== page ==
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Source

by Matthew S Williams

Copyright 2011 by Matthew S Williams

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Contents:

Introduction/Dedications ……………………………………………………… 2

Part I: Source ………………………………………………………………...... 4

Part II: Shortfall ………………………………………………………………. 25

Part III: Deliverance ……………………………….………………………..... 44

Part IV: Galilee ……………………………………………………………….. 55

Part V: Reclamation ...……………………………………………………….... 71

Part VI: For Keeps ……………………………………………………………. 108

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Introduction/Dedications

This story is dedicated to Chris A Jackson, James K Bowers, and all the members of the Herscher Project. Were it not for their inspiration, critiques, and constant support, this story would never have been possible. Thanks are also due to numerous friends and colleagues who, as usual, contributed their time and energy to help me with this work. To my parents as well, who at an early age instilled in me an appreciation for the environment and this planet we call Earth. Thanks are due to many people for many different reasons, so some explanation needs to be made as to how this story was inspired, who helped, and in what capacity.

Originally, all chapters in this volume were created as sequels to one original short story.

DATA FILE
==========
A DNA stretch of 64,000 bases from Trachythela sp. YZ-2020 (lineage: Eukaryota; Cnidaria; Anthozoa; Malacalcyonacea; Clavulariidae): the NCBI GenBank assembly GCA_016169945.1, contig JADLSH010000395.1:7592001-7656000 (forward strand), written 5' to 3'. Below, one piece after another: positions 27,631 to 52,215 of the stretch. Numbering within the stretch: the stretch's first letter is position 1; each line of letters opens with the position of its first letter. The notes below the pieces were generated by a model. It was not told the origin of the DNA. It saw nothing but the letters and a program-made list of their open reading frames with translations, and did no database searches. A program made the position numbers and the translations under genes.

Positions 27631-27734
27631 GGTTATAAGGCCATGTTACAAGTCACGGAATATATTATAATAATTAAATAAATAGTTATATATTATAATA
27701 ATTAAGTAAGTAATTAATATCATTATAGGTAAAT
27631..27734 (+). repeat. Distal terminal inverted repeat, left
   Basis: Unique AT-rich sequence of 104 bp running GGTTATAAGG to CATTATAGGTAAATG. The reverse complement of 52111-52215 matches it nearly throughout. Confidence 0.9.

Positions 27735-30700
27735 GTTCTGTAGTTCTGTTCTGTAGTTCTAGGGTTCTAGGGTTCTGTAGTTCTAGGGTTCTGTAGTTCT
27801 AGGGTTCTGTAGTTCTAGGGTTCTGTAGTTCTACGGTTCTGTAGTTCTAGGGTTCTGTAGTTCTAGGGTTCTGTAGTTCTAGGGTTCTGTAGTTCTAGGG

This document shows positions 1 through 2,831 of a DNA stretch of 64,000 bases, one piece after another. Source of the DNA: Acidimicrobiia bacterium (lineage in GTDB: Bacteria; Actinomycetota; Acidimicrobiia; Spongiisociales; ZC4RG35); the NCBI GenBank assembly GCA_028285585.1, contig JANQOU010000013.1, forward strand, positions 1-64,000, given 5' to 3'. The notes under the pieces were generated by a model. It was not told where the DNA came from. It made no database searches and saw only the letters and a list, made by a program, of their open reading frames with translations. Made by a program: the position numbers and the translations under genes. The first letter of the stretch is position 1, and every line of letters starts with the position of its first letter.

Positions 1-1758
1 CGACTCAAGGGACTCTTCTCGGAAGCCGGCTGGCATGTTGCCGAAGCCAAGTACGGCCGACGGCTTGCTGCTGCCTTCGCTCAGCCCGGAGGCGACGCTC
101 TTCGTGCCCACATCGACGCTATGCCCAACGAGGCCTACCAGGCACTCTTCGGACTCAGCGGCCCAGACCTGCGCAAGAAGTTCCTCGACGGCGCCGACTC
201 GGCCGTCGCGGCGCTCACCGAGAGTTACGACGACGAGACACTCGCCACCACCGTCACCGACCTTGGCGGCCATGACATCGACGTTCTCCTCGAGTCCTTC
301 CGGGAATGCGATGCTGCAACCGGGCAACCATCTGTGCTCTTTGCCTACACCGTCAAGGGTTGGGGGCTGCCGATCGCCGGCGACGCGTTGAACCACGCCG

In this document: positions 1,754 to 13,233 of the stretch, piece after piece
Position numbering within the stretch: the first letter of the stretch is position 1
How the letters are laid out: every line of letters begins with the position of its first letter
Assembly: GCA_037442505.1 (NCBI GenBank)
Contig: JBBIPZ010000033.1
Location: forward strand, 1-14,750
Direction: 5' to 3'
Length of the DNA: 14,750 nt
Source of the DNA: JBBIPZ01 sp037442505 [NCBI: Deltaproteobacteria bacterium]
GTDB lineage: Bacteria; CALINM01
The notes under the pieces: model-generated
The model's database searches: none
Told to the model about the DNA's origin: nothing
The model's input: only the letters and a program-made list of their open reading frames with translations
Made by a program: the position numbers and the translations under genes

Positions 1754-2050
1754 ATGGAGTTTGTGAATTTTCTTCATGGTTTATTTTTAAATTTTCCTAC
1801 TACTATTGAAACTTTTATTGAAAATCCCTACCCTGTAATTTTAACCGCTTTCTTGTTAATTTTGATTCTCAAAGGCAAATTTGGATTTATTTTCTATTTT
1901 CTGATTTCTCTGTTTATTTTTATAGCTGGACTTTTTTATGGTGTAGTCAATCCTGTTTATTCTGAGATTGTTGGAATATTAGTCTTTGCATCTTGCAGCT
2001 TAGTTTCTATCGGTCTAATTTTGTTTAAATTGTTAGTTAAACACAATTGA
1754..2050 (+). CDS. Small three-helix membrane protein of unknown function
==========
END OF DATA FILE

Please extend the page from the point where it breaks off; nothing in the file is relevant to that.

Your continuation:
Together, they represent the culmination of an idea that grew from a single project, commissioned by Mr. Bowers at the Herscher Project, to have writers create visions of a dystopian future. As a starting point, all interested parties were told to consult a short story by Mr. Jackson, known as ―A Flash In The Pan‖. Mr. Jackson, it should be noted, is an established fantasy writer with many titles to his credit, which include the ―Zellohar‖, ―Deathmask‖, ―A Soul for Tsing‖, ―Weapon of Flesh‖, ―Scimitar Moon‖, and the hilarious sci-fi spoof ―Cheese Runners‖. In this particular short story, Jackson explored the possibility of humanity‘s future, discerning twelve different scenarios, arranged from worst to best. In one particular scenario, the human race continued to face the challenge of population threatening to outstrip its natural resources. After limitless expansion, it could no longer deny that it was reaching the limits of its growth, and would have to face severe decline. It was from this particular scenario that I decided to write my contribution which I had already named ―Source‖.

Since I first heard about the project, it was my hope to do a story based on the very real possibility that the human race will someday run out of drinking water. This possibility, should it ever come true, will not only mean environmental catastrophe, it will also have immense social and political consequences. One can imagine without much difficulty how terrible death tolls, international incidents, a global war, government crackdowns, and the rise of totalitarian regimes could result. It therefore seemed like a perfect idea to base a dystopian story on. In addition to that, I also feel it is an environmental issue deserving of attention.